Geological Survey Ireland (GSI) is taking part in a two-year ‘Coastal Erosion’ project which aims to enhance knowledge and monitoring capabilities of the coastal environment in response to challenges of climate change and rapid sea level rise.

The project is a European Space Agency funded initiative under the auspices of the Copernicus programme – the European system for monitoring the Earth, coordinated and managed by the European Commission.

Sean Canney, Minister for Natural Resources at the Department of Communications, Climate Action and Environment, said that thanks to the Copernicus programme, “vast quantities of satellite date are freely available to manage the environment and benefit European citizens”.

He added that Ireland has a “long established history” of space-related research in  this field.

“Ireland has developed a thriving earth observation space community”, facilitated through membership of the European Space Agency.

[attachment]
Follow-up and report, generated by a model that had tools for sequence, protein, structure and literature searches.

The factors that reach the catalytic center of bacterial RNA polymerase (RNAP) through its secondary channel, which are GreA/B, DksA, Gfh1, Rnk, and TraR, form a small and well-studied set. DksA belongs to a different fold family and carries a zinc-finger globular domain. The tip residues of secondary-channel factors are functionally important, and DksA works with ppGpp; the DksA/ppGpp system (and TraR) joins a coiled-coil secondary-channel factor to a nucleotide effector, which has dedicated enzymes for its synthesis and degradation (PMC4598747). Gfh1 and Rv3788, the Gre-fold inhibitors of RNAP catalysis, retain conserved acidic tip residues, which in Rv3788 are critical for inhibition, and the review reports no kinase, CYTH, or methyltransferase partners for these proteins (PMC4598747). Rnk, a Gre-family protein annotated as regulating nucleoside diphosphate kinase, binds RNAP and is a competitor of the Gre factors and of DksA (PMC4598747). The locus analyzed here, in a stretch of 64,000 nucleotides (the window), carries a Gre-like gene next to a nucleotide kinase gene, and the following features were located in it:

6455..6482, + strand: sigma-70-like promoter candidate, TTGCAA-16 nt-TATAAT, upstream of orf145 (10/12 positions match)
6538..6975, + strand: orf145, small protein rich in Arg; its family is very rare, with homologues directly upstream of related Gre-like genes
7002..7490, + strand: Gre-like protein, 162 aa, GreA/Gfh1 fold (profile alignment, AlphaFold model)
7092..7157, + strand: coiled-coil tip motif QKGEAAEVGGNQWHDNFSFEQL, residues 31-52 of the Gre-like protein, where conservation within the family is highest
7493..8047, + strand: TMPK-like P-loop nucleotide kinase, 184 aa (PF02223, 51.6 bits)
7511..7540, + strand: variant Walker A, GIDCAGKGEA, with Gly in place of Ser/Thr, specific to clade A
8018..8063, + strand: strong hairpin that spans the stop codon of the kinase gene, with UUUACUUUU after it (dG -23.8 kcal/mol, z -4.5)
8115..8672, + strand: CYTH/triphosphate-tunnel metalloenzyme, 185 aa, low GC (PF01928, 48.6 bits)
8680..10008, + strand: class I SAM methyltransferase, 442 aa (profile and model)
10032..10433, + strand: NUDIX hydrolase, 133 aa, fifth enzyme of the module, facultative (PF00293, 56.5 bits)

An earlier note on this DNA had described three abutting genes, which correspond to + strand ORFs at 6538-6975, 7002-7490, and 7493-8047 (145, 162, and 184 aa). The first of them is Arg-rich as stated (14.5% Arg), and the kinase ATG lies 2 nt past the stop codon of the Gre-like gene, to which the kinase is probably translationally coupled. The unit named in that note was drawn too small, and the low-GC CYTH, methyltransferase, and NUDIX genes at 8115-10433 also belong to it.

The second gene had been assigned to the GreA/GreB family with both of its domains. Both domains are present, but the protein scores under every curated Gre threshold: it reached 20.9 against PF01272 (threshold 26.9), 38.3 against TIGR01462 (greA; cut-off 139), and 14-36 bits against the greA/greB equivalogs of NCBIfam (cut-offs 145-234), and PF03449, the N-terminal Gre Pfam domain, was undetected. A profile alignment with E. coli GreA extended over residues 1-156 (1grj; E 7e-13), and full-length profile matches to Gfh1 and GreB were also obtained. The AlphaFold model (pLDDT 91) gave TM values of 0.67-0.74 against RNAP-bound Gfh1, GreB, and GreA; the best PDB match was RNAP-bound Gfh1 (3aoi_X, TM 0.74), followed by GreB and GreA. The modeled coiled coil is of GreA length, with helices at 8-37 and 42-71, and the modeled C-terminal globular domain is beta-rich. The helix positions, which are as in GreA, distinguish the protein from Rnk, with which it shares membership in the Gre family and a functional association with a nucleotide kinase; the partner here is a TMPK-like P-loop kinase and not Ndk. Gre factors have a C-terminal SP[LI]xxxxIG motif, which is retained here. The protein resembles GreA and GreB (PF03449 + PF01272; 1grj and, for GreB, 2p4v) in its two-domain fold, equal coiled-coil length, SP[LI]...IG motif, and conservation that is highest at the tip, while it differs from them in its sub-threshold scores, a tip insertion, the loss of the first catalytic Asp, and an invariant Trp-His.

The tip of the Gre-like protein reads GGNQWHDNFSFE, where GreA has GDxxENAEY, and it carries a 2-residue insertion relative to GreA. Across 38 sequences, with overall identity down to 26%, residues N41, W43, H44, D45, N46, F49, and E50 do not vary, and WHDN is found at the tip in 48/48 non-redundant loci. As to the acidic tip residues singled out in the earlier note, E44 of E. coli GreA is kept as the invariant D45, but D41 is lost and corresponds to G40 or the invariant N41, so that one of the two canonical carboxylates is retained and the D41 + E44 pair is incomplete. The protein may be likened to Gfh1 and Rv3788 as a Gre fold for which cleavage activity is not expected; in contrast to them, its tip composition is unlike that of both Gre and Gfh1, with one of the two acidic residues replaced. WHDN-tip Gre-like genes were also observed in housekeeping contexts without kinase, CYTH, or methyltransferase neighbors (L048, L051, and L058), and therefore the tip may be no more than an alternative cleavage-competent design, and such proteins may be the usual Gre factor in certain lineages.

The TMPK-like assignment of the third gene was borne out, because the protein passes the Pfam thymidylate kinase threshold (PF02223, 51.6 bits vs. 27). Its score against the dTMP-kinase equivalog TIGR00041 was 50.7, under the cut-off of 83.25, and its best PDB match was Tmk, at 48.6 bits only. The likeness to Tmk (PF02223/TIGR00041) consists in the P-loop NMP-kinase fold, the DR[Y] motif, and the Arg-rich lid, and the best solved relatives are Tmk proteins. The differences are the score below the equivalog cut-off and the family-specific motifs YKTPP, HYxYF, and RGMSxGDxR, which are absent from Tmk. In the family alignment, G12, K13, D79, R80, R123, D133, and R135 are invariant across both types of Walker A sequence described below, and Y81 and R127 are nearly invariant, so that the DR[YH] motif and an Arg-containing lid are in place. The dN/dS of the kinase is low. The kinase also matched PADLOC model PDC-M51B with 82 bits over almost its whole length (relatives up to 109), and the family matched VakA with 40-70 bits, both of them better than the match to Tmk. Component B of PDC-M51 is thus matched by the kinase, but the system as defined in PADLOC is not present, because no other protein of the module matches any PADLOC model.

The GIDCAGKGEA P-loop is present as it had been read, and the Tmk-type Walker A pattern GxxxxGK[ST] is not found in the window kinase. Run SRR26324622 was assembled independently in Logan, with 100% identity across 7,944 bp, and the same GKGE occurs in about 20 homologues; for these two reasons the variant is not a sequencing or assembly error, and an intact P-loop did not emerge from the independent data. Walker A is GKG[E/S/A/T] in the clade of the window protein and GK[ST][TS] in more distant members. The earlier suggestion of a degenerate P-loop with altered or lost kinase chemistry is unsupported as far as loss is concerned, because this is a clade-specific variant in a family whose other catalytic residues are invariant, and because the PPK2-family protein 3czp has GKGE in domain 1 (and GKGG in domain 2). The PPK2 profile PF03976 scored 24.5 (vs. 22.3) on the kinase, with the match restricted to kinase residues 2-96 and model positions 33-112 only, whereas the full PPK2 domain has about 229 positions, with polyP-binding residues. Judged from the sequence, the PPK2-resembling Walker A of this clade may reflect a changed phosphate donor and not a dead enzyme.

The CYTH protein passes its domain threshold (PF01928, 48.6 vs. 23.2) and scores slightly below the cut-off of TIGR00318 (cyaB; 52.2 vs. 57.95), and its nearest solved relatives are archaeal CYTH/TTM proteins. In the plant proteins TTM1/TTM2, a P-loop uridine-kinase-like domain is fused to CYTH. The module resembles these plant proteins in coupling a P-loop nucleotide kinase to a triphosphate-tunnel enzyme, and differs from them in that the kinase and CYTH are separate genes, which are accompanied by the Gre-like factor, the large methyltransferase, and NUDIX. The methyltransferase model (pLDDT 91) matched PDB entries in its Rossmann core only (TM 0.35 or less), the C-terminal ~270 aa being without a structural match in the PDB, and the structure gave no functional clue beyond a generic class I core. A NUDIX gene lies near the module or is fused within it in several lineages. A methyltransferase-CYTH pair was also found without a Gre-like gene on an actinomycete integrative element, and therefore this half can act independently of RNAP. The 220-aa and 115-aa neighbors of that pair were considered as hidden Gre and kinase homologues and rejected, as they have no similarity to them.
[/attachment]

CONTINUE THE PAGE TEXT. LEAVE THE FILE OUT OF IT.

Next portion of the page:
‘Coastal Erosion’ is a two-phase, 24-month project for research and development of EO products and approaches required by uses.  This is an an application project within the Science for Society element of the the 5th Earth Observation Envelope Programme (EOEP-5) of ESA.

An international consortium* led by ARGANS (UK) will develop innovative Earth Observation products/information in response to requirements from end-users in charge of coastal erosion studies and mitigation.

The consortium will explore coastal change  from space to prepare for long-term exploitation of remote sensing from satellites by large user communities, and is expected to provide substantial and concrete benefits when analysing the trends of coastal erosion and accretion, as well as the status of coastal defence works such coastline vulnerability.

*Consortium: public agencies involving the British Geological Survey (UK), IHCantabria (Spain) and GSI, and companies: ARGANS (UK); isardSAT (Spain); adwaisEO (Luxembourg); Arctus (Canada) and IGN-FI (France).